Doing internal processing in higher precision (10 or 12 bits per sample) leads to compression improvement due to smaller rounding errors in reference imagery. For intra prediction, there are more (than 8) angles for directional prediction and weighted filters for per-pixel extrapolation. Temporal prediction can use more references. Prediction can happen for bigger units (≤128×128) and they can be subpartitioned in more ways. Predictions can be combined in more advanced ways (than a uniform average) in a block, including smooth and sharp gradients in different directions. This allows either inter-inter or inter-intra predictions to be combined in the same block. Conventional scalar quantisation with binary arithmetic coding is currently used, inherited from VP9, but experiments are ongoing to investigate other systems including mutisymbol coding, and Perceptual Vector Quantization from Daala. Asymmetric Numeral Systems coding is being considered for the entropy coding phase. For the in-loop filtering step it has a deblocking filter and experimental deringing filters from both Thor and Daala.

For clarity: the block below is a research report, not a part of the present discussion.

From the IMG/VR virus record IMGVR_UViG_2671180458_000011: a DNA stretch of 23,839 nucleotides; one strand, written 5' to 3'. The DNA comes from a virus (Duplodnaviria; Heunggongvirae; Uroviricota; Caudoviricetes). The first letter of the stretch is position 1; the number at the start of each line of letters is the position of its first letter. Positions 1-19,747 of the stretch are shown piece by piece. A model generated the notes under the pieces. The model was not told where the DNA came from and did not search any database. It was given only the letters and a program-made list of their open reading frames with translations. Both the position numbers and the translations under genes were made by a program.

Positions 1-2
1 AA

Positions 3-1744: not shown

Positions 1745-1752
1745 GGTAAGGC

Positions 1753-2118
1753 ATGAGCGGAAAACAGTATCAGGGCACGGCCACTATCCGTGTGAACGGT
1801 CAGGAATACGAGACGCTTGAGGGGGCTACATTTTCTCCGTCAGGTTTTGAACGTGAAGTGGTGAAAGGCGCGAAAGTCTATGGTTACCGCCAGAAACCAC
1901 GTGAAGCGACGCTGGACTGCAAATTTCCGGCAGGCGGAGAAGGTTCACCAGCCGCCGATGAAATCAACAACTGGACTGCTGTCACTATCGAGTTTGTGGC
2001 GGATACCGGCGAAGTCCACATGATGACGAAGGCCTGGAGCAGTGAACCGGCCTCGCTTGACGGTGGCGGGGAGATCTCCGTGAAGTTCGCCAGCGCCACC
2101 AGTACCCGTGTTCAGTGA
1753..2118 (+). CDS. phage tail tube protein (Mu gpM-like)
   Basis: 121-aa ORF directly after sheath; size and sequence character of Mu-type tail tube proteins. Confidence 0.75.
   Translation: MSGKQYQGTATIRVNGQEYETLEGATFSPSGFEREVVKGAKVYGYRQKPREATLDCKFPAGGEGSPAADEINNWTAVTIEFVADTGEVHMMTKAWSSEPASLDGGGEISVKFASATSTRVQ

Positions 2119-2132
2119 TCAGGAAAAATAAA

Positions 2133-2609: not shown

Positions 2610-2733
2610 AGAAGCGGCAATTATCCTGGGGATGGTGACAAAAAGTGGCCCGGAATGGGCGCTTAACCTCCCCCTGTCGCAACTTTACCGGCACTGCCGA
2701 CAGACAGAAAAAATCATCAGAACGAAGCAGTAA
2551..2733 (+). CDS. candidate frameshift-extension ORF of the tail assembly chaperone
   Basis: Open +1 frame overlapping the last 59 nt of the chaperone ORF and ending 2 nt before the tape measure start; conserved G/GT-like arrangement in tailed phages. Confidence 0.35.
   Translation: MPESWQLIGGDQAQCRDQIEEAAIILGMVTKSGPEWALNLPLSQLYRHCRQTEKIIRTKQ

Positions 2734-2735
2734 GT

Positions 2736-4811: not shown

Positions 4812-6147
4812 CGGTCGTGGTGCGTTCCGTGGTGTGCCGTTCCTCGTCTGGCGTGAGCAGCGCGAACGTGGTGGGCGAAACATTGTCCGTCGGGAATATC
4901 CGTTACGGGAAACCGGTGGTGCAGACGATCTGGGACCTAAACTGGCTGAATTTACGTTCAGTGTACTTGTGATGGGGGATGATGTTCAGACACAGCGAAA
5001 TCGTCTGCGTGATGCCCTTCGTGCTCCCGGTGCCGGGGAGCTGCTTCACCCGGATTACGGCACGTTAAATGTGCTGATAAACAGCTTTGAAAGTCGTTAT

The first official announcement of the project came with the press release on the formation of the Alliance. The growing usage of its predecessor VP9 is attributed to confidence in the Alliance and (the development of) AV1 as well as the pricey and complicated licensing situation of MPEG's competitor HEVC.
The roots of the project precede the Alliance, however. Individual contributors started experimental technology platforms years before: Daala already published code in 2010, VP10 was announced on September 12, 2014, and Thor was published on August 11, 2015. The first version 0.1.0 of the AV1 reference codec was published on April 7, 2016.